And he's a big guy. At the last appointment, he was in the 97th percentile for height, but had slimmed down a bit to the 85th for weight. But he throws all 100 percent of that weight around, army-crawl grunting his way across the floor at a remarkably fast pace, just to arrive at his destination (two blocks stacked one atop the other), which he proceeds to decimate. Our motto these days is SAM SMASH. He really does delight in roughing things up, throwing things, grabbing glasses and hats off our heads and then flinging them underfoot with a cackle.
Tonight, and oh how I wish I had charged the video camera's battery, because this was a moment I need to archive and share simply so others would believe me...anyway, tonight he GRABBED the footstool his sister uses to reach the counters (she wasn't on it at the time), LIFTED IT UP (and bear in mind he is in a prone position), and CHUCKED it across the room. It was like a little WWF match between Sam the Brutalizer and the kitchen rug. After the stool clattered noisily across the kitchen floor, Charlotte backed tentatively out of the room. Sam, meanwhile, was on to bigger and better things, like determining how he could access the oven and maybe TEAR IT APART.
So, perhaps you can understand my trepidation about flying with this 24-pound, 32-inch chunk of pure unharnessed spastic baby energy. And to the passengers in row 25 of NWA 7470: I apologize in advance.
Thursday, November 12, 2009
To understand this post, you should probably know that our bathmat is brown.
Charlotte really labors with her poops. I mean, really. We're talking extended minutes spent on the john, clutching her face and doing this weird moan/whine thing. And when she finally does produce, her face turns red, she does jazz hands, grunts, and SHAZZAM! adult-sized poo. Seriously huge turds for such a little girl. She clogs the toilet regularly.*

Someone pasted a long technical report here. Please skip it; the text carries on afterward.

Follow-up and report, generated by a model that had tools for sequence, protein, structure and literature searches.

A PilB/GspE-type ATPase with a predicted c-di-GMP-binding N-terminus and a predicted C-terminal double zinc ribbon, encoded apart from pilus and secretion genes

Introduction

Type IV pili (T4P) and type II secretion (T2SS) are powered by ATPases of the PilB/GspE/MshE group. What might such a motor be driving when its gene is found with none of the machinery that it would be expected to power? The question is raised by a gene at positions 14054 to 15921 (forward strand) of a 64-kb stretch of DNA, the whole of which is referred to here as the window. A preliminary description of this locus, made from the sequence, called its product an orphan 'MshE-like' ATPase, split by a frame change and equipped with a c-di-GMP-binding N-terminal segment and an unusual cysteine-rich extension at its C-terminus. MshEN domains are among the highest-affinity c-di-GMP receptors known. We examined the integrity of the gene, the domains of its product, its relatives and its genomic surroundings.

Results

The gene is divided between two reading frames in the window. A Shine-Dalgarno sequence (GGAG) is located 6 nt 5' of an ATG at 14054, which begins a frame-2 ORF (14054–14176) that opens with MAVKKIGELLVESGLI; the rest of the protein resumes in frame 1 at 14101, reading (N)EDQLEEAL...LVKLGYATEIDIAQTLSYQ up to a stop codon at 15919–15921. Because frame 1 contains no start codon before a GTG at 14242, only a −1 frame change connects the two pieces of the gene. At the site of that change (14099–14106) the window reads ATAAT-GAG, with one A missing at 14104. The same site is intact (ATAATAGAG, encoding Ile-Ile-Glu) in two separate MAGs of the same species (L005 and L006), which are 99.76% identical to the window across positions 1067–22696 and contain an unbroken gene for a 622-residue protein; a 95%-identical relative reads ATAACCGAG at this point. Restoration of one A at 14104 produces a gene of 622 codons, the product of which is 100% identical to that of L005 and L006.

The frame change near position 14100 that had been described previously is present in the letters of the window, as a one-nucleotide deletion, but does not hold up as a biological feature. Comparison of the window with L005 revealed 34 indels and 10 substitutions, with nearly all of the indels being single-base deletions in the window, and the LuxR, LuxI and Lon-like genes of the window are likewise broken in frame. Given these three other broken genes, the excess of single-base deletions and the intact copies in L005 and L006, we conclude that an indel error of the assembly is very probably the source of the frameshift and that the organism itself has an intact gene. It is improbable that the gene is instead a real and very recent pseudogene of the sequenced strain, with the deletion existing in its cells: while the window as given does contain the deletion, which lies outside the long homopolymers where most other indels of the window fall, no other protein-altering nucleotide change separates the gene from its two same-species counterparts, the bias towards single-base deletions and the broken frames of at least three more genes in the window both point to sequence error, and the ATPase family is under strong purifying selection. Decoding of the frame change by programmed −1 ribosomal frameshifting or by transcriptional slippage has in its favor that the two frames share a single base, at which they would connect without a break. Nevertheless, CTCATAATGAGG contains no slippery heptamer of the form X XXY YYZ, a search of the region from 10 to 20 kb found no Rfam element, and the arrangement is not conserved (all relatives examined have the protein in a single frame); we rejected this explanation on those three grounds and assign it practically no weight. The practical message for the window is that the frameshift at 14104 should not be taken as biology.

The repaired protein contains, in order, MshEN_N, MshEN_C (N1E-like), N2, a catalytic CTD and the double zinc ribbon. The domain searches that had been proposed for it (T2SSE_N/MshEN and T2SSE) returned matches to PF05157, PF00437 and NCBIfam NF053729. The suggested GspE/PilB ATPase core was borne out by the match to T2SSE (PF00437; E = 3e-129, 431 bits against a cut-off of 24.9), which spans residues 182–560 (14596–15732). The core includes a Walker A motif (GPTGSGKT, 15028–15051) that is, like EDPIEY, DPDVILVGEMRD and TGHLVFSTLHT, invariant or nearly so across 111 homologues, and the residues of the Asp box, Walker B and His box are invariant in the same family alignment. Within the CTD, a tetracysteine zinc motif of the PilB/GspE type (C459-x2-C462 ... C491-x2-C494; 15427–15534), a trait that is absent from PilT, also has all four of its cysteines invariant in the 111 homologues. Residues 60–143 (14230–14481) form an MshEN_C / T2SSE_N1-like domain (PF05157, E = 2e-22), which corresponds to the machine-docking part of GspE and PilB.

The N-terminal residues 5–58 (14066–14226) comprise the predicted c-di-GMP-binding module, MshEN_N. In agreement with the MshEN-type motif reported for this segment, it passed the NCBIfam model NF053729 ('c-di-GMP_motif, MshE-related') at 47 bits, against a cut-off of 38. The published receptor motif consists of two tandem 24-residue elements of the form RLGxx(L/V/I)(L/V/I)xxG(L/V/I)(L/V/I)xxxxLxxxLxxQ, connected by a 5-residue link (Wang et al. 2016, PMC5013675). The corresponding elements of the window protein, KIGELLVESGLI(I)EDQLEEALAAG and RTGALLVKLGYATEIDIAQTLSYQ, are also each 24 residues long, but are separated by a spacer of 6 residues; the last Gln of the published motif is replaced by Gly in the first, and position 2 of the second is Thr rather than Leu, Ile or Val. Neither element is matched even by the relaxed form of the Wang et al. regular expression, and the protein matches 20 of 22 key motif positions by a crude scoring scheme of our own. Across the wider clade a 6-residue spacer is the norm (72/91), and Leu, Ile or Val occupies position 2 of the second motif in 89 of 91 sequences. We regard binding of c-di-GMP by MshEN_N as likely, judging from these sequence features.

So, here's a conversation we just had after her 20-minute ordeal finally came to fruition, as it were:
Charlotte: I did my turtle (our word for poo, in case you're a newcomer)!
Jana: Great job! (Charlotte stands up.) Whoa, that's huge one!
Charlotte: I know, and it was so ouchy!
Jana: I bet! Wow!
Charlotte: Oh! My turtle matches that towel on the ground (bathmat)! They are bathroom twins! Except that my turtle is even browner, because it's even more stinky!
*She's going to hate me when she gets older, isn't she?
Wednesday, November 11, 2009
My Grandpa Terlouw, my mom's dad, was a plane mechanic in England. He got sick (pneumonia, I think?) and was hospitalized during his service. I've wondered if this illness (coupled of course with his years of smoking) didn't weaken his lungs and contribute to his eventual death from lung cancer. He died in February 1996, during my senior year of high school. The day of his funeral was unseasonably warm, and I remember thinking grandpa, who loved gardening, would have probably started puttering around outside a little on such a beautiful day, planning that year's veggie patch.
My Grandpa Deur, my dad's dad, served in the Pacific. His job was to set up radio communications on the various islands. For years I didn't know what this meant--in fact, I thought it was kind of a cushy, non-combative job. But apparently this meant that grandpa was one of the first people going into some of these locations. He was entering into the unknown. Grandpa Deur died April 2007, and at his funeral they played a clip of a presentation he did for a grade school class about his service in the war. He revealed details to these fifth graders that he had never openly shared with his own kids, details that revealed how terrifying the experience was for a fresh, untested 20-year-old farm boy from Iowa, and how closely he connected those experiences to his growing faith and love of his family.